Blackburn welcomes new president

Blackburn welcomes new president

Dr. John ComerfordComerford bullish on liberal arts college

By Rick Wade
Blackburn College’s new president Dr. John Comerford said he quickly learned something about his new home.

“Last week, my wife, Rachel, and I decided to sneak back into Carlinville, to check out the schools, churches, some of the services, and we learned one important lesson about Carlinville,” Comerford told those gathered in Bothwell Auditorium for the Nov. 30 announcement that he’d been named Blackburn’s 16th president. “You cannot ‘sneak’ into Carlinville.”

As the laughter subsided, Comerford explained. “Everywhere we went, we were greeted with, ‘Oh, you’re that Blackburn guy from the newspaper!’

“That said two things to us: First, that this community believes in Blackburn and that likewise, Blackburn is connected to the community. And secondly, I’m used to being called ‘that Blackburn guy.’ I thought we should keep that up.”

Young, personable and energetic, Comerford comes to Carlinville from his post as Vice President for Institutional Advancement at Westminster College in Missouri. Comerford’s duties at Westminster include responsibility for fundraising, marketing, event management, and alumni relations.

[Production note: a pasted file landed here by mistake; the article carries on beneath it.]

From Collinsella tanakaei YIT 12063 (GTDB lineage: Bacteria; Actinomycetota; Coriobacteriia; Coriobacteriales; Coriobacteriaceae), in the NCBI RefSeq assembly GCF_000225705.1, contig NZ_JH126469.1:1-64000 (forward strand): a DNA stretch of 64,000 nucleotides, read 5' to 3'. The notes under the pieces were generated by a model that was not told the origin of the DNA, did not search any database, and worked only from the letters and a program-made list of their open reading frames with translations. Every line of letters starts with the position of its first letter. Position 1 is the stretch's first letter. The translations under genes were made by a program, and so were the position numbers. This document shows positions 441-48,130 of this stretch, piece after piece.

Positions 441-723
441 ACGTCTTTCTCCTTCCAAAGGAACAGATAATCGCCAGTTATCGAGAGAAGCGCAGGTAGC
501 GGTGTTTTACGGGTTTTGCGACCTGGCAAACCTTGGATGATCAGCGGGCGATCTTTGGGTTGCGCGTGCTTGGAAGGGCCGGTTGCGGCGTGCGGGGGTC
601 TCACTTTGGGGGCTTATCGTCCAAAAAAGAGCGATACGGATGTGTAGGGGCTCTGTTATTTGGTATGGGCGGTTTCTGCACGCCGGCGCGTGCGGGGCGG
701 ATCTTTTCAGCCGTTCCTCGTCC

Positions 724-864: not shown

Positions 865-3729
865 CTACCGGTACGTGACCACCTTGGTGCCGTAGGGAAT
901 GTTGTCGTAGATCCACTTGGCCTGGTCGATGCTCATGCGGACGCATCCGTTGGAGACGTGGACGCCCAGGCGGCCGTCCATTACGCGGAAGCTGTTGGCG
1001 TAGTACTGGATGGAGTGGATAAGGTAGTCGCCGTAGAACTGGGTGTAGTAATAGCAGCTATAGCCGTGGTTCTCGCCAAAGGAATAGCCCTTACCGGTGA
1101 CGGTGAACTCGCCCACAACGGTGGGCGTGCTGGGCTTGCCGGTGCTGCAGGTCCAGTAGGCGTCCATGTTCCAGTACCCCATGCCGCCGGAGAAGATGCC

During the announcement event, Comerford addressed the audience of students, faculty, staff and community members.

“It is truly an honor to be standing here,” he said. “It is difficult to put into words what it means to have been selected by all of you to play a role in the future of this 175 year old college. I am grateful to the Board of Trustees for giving me this opportunity.”

At one point he addressed the woman he will replace July 1, 2013, Miriam “Mim” Pride.

“I must offer my thanks to Mim Pride. I owe her personal thanks,” Comerford said, eliciting a spontaneous standing ovation. “Mim’s enthusiasm for this place was contagious during our time together and I will forever associate that meeting with the moment I knew I could be a Blackburnian.”

Comerford was one of three candidates for the position who visited the campus in early November, to be scrutinized by students, staff and teachers.

Pride, who has served as president of the private liberal arts college since 1991, announced this year that she will retire as president effective June 30, 2013, after 22 years with the institution.

A presidential search committee was formed to begin working on the national search.

“The selection of Dr. Comerford as the president of Blackburn College culminates a national search that spanned several months,” said Blackburn College Search Committee Chair and Board of Trustees Chair Ed Young. “A dedicated search committee spent countless hours reviewing information and interviewing many qualified candidates for the position. I sincerely thank the Committee and the campus community as a whole for their attentive participation in the search process, ensuring that all constituencies were heard in the evaluation of candidates.”